Forget about Ping-Pong tables, free meals, and weekly happy hours. Boxed, an e-commerce platform that sells bulk groceries and household products at wholesale prices, is now paying for all full-time employees' weddings.

Here's the back story. Marcel Graham, a 26-year-old Boxed employee who works at one of the company's fulfillment centers in New Jersey, was racing against time. Graham's mother is gravely ill and he wanted to get married to his fiancée as soon as possible so his mother could participate in the ceremony.

Graham worked seven days a week, two shifts a day, to save his money. But the math suddenly wasn't adding up--he wasn't making enough to pay for his mother's medical bills and save for the wedding. At his work station earlier this month, Graham couldn't hold it in any longer and broke down.

Chieh Huang, CEO and cofounder of Boxed, which is valued in the hundreds of millions of dollars, decided to do something.

"F--- it, I'm gonna do the right thing and change this man's life," Huang tells Inc. over the phone from Japan. "We got his fiancée to come in and surprised him; it was water works all around. This is the stuff I enjoy, doing good."

Huang said Boxed is paying for Graham's wedding and then will reimburse any full-time employee for their wedding up to $20,000.

"We don't do free meals, we don't do $10,000 happy hours, we're lean all around," Huang says. "We don't have extravagant salaries, but we focus on a few fringe benefits."

HR has made a formal wedding request program and Huang says it seems like six other employees will be tying the knot soon. Out of 125 employees, he says probably 10 percent will get married.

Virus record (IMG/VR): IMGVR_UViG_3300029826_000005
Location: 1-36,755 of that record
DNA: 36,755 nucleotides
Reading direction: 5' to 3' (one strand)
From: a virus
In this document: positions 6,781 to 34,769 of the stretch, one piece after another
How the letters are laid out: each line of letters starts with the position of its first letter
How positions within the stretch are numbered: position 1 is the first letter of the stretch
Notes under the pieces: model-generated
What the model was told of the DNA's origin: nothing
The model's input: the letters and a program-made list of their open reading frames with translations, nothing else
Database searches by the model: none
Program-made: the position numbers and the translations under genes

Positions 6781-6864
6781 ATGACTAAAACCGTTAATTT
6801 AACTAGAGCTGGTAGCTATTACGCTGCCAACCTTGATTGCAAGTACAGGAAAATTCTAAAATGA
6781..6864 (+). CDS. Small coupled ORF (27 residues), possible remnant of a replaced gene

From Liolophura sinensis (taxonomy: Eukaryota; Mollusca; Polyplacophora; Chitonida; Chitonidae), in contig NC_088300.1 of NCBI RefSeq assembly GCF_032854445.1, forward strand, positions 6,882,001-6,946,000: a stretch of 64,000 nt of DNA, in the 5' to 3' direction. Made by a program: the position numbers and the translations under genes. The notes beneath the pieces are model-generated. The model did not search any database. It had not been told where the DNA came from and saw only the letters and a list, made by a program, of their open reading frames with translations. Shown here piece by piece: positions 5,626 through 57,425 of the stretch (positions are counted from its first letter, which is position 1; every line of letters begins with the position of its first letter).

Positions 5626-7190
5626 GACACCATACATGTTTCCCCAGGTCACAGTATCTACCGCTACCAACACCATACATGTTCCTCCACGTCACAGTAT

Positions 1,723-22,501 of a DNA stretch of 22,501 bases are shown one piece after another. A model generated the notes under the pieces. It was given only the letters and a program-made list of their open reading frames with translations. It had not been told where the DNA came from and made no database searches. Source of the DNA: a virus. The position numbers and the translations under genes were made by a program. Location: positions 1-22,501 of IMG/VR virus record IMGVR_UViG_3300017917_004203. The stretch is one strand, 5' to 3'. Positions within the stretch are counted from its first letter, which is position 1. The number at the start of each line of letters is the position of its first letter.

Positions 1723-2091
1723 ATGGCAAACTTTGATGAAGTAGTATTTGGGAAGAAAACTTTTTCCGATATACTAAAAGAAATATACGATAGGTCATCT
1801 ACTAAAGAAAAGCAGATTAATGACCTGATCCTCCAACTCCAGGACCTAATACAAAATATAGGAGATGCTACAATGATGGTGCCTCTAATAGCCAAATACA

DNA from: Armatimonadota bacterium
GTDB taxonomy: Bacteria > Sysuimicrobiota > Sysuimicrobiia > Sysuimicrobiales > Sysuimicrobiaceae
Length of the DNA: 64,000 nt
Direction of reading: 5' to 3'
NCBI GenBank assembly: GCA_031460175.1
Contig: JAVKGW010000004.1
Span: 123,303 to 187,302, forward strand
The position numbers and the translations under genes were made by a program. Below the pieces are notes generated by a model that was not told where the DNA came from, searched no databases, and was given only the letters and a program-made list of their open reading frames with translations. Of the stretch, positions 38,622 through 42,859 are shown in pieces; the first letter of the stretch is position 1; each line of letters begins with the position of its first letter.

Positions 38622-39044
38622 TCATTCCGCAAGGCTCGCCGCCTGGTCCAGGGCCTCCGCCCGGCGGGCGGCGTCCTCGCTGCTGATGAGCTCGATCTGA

"It's not like we're providing $25,000 in annual benefits for each employee; this is very targeted," he says. "Culture is so important to us and if I can help an employee in a bad situation, it benefits the culture and benefits the entire company."

Zaw Thet, founding partner of Signia Venture Capital, is a Boxed investor and board member and says the entire board supports the initiative.

"Chieh cares about the bigger purpose of the world besides making money," Thet says. "There is no accident that there has been almost zero turnover in full-time employees."

Thet says when he first invested in Boxed's seed round, he had one piece of pithy advice:

"I told him once I invested, don't f-up the culture," Thet says. "The founders created a 10-person team that was tight-knit and had a 'we're all in this together,' scrappy and hungry culture that overly-rewards people when they do good things. And he's kept that as Boxed scaled to over 100 employees."

Thet also said that this move to pay for employee weddings is "typical Chieh," saying that the CEO has fostered a culture that supports its employees.

"A Ping-Pong table doesn't add to the culture and Silicon Valley is cutting back from its peak of insanity," Thet says. "These are targeted benefits, which might only affect 10 percent of the employees. This is a way for us to provide for our employees and help them to start their own families."

This is not Huang's first tango with unique benefits.

Last year, after opening a fulfillment center in Atlanta, Huang noticed that only three employees out of 20 had a car. He started to think about how he could help his employees. Huang, who grew up poor in Baltimore, decided the best way to help his employees' and their families was to pay for their kids' college educations. But instead of making it a formal benefit, Huang decided to pay for any employee's kid's tuition out of his own salary.

"I wanted to go beyond putting dinner on the table," he says. "If we have brilliant kids who cannot go to college because they can't afford it, then they will be stuck in certain situations and then they won't afford college for their kids. I wanted to end the cycle."

Huang, who sold his first company, a mobile gaming platform, to Zynga for millions of dollars, says he lives a relatively anonymous lifestyle compared to his means. Instead of keeping his wealth squirreled away, he wants to make sure his employees and company feel supported, valued and can live a life.

Besides tuition and weddings, Huang says his employees' salaries are moderate. Boxed also offers unlimited maternity and paternity paid leave.

"Money is there to put food on the table and make sure your family is cared for," he says. "Anything beyond that can be argued as extraneous. We're all in this together. It doesn't matter who you are at the company, we try to take care of you."